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HI everyone,

I live in Edmonton, Alberta and we are experiencing a deep freeze. Frostbite (for humans) in under five minutes. With windchill it is supposed to be -48 CELSIUS.

My flock consists of ferals, all of which have gone through our winters before, some many. It was -40 last night and everyone seemed fine. I have been checking their weights daily and everyone is staying fat. They are getting extra corn and have a heated waterer.

My loft isn't aa loft, persay. It is made up of six sections, each about 2'x2' x 2' . The sides, top and bottoms are wood, the fronts are coroplast with a small door to each section. The entire front of each section swings up to open and velcros shut. The top and top half of the front are insulated with foil, on the outside. The inside of each section is insulated with foil on the top and back. The bottom of each section is lined with straw which I have piled along the sides as well. Then. There is a nest box in each section, on top of the straw, and then lined with straw itself. So the entire structure is four feet tall, six feet long and two feet wide. It is raised off the ground on cement blocks and straw is packed underneath and there is a layer on top.

I am worried about bringing them in because I want to be able to put them back out again and worry it will be a shock on their systems. We have wild pigeons here, obviously, and they seem to survive under the bridges and billboards, and I have never lost one during the winter...should I bring them in? Most are paired but there are a couple of loners. They would have to be in small carriers if they came inside.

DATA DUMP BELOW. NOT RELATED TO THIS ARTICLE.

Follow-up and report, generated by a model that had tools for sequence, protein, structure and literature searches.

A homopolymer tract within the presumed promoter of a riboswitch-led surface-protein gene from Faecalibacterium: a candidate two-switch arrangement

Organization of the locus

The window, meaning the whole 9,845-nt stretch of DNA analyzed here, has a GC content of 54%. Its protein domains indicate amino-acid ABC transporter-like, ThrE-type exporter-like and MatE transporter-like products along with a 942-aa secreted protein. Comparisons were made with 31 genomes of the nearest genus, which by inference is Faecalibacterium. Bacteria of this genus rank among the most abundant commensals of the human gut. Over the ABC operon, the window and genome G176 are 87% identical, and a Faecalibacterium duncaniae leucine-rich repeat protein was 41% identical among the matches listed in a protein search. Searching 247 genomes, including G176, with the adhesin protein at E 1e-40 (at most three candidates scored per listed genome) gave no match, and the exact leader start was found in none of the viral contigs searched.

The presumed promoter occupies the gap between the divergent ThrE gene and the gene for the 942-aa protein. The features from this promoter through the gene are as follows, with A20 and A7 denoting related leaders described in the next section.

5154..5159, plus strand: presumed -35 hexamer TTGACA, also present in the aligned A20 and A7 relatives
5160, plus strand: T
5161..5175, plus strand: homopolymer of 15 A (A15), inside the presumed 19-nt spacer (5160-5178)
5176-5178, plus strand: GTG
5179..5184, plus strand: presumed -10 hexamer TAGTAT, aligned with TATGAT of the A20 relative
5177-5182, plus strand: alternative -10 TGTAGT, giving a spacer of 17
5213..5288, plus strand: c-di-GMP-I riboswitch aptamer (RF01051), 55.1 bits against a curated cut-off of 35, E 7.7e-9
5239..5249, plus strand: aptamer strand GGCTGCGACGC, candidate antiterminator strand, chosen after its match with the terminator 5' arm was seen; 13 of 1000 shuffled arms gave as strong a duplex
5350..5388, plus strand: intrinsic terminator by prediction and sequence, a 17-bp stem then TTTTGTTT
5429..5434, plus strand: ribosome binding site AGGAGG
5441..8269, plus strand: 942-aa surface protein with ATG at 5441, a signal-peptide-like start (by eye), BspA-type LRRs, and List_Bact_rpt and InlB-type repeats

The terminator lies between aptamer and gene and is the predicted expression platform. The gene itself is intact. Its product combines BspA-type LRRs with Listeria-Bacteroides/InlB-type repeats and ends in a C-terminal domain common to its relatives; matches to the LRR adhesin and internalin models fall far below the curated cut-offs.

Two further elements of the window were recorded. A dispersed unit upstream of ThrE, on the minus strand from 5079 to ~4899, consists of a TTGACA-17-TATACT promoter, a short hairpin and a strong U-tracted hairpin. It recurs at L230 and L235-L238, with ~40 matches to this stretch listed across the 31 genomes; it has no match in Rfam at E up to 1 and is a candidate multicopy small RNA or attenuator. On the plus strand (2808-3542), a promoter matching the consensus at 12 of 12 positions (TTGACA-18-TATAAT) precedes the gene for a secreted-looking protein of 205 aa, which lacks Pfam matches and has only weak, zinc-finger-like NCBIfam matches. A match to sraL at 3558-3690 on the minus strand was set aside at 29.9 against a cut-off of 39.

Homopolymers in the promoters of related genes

The entire structure is inside a largee aviary. I have covered the sides in plywood to reduce wind. The top is covered by a slanted wooden roof. The ground is covered in straw. I eas considering buying an outdoor floodlight. They could roost under during the day (protected by wire) but that wouldn't heat their shelter.

Thoughts?
Any time you move birds from one temp to another they need to be acclimated ..so you are right it would be a shock.. either way from cold to warm or warm to cold they have to be slowley adjusted to it. I think if they stay in and have all the feed they want and fresh water they should be fine if they do not have any drafts.
 

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I agree. As long as you cover the structure to keep the wind/draft out, they should be fine. As Gurbir said, they have a much better chance than the ferals with shelter, good food and fresh water.
If your really worried (-45 is :eek: ), I wouldn't use heat lamps, they are not safe. You could pick up enough of these reptile heating elements for each section. They come in different sizes. I have 2 sizes in case of emergency- 4" diameter and 8" diameter. No light, they screw into a ceramic 'hood' with a clip to attach above and just radiate heat. Here is a link for them.....
http://www.thatpetplace.com/pet/group/2533/product.web


I used one during the winter when I had babies, kept them nice and warm.